I learned a new word recently. I like it. I like it enough to have actually kept it bouncing around in my brain for a while. I like how it sounds and sometimes I like words just because of how they sound. Like supercilious. But I like this word mostly because it helped me to think about something in a different way. Hopefully, it will help me live differently, too.
I first heard the word when I was learning some things about avalanches. Although I would prefer NOT to be still thinking about snow at the end of April, it is snowing outside as I write, so talking about avalanches and my new word does not seem completely incongruous.
The basic physics of a slab avalanche is not complicated: layers of snow build up, some layers are stronger than others, something triggers some movement or pressure, the weak layers give way and down it all comes. Simple, but potentially deadly.
“Sintering” is the process where separate snow flakes settle together, lose their pointy edges and compress into one solid unit.
This is the word I like, the one I haven’t been able to let go. Apparently it describes things other than snow as well – like metals and ceramics. I like it because it is a way of thinking about relationships, too – like family and marriage.
I also learned some other terms. They are useful terms, and they connect to my new word, sintering, and to avalanches. I think they connect to relationships as well.
“Shear strength” describes how strongly bonded or sintered all the layers are; the stability of the snowpack depends on how well the layers hold together – and how well they adhere to the foundation beneath them.
“Shear stress” is basically the downslope force of gravity that continually insists that everything up must come down.
“Simply put, when shear stress outweighs shear strength, an unstable mass of snow breaks loose, creating a snow avalanche.”1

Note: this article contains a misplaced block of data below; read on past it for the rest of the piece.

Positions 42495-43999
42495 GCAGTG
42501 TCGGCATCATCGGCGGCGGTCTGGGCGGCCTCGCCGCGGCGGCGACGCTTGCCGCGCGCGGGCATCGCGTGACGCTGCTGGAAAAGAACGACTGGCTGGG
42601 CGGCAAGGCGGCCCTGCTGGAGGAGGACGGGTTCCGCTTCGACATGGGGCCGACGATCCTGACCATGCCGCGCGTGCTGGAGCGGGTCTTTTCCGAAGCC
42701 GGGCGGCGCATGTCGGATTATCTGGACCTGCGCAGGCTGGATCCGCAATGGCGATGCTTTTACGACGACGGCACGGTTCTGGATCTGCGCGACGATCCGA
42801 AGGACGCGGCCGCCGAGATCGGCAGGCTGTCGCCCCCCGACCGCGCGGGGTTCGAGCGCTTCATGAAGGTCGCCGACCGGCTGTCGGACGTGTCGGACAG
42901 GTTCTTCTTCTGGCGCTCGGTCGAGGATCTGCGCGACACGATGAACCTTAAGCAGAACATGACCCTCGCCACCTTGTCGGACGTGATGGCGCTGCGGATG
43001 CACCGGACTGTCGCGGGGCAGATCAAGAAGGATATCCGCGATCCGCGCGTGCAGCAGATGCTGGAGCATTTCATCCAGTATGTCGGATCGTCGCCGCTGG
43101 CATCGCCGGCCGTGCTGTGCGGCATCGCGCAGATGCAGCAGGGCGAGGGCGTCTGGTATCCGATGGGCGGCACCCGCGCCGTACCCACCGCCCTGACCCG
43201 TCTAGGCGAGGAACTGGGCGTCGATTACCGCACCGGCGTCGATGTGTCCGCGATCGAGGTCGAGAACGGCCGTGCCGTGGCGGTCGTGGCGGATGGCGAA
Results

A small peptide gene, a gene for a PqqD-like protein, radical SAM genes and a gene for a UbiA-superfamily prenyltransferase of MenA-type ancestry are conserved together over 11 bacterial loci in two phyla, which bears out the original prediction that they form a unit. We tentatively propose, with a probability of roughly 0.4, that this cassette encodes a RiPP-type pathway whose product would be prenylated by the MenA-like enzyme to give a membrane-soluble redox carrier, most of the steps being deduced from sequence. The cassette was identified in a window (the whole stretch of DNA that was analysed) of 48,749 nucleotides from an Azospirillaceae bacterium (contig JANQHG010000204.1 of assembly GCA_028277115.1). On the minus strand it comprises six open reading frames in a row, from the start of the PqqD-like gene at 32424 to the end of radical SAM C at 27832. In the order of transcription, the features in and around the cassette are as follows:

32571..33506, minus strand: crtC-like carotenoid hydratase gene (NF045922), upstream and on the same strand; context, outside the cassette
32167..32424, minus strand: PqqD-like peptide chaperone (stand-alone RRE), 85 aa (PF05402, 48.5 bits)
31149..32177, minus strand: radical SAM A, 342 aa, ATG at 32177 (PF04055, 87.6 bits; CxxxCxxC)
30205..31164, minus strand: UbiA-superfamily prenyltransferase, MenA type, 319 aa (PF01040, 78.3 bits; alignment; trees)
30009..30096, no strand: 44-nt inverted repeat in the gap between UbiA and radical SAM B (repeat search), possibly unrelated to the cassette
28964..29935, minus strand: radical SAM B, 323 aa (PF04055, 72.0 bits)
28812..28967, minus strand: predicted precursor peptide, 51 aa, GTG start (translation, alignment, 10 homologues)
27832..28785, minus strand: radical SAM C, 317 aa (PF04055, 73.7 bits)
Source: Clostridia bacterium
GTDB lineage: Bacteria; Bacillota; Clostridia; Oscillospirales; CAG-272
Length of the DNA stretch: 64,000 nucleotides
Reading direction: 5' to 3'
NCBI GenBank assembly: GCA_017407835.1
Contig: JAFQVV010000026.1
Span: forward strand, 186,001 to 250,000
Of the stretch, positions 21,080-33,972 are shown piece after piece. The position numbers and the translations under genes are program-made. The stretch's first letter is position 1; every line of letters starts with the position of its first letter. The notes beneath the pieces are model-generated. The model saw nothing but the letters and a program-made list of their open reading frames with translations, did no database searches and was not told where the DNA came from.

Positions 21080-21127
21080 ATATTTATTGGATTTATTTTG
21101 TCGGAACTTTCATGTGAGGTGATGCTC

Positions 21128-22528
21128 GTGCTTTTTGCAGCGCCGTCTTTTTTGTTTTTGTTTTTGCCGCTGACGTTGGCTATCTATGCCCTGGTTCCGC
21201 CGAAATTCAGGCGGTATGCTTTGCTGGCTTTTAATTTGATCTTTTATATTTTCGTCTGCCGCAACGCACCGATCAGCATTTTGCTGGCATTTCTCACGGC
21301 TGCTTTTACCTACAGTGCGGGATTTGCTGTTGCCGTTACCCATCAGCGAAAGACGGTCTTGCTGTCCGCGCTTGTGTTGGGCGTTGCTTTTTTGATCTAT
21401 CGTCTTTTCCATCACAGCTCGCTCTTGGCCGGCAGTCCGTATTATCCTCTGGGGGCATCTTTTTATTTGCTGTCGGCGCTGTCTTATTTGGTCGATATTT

The basic analogy that formed around my new word as it took up residence in my thoughts is not complicated: relationships of all kinds are comprised of layers, some layers have ‘sintered‘ well and provide strength and stability, other layers are loose and weak, forces exist in day-to-day living that exert downward stress, when stress outweighs strength, relationships become unstable, fracture, and fall apart. A simple (and imperfect) analogy, unlike the actual complexities that relationships entail.
While the sintering of snow depends largely on weather conditions, the wearing off of pointy edges and development of unity in relationships only happen when attitudes like love, grace, forgiveness, honesty, and communication are acted on daily. Grudges, gossip, resentment, anger, and jealousy only keep pointy edges intact and make sintering nearly impossible.
Sometimes weak layers represent years of disfunction or misunderstanding; sometimes a single word or interaction can leave a sliver of weakness in an otherwise strong relationship. Sometimes that sliver of a layer can be enough to contribute to a downslope slide.
Recently we drove through through Rodger’s Pass where 130+ avalanche paths intersect the highway over an 18 km section of the TransCanada. I didn’t count how many tell-tale smudges and snow rubble runout zones I saw, but I saw enough to keep my new word on repeat.
Likewise, I don’t have to look far in my own life to see the tell-tale emotional rubble of failed relationships. I am acutely aware of the weak layers in some of my current relationships, having to maneuver carefully to avoid triggering a final destructive avalanche. I need to grow in my awareness of the pointy edges I present to others that inhibit sintering and unity (because it is always easier to point out other people’s pointy edges). I also recognize that the strengthening of weak layers and softening of pointy edges are not things I can do apart from the grace of God at work in my life.
And so learning a new word brings me on a journey back to God’s grace. It’s what can make me sinterable. If that is even a word.
1 Mountains 101: lesson 8 notes. University of Alberta.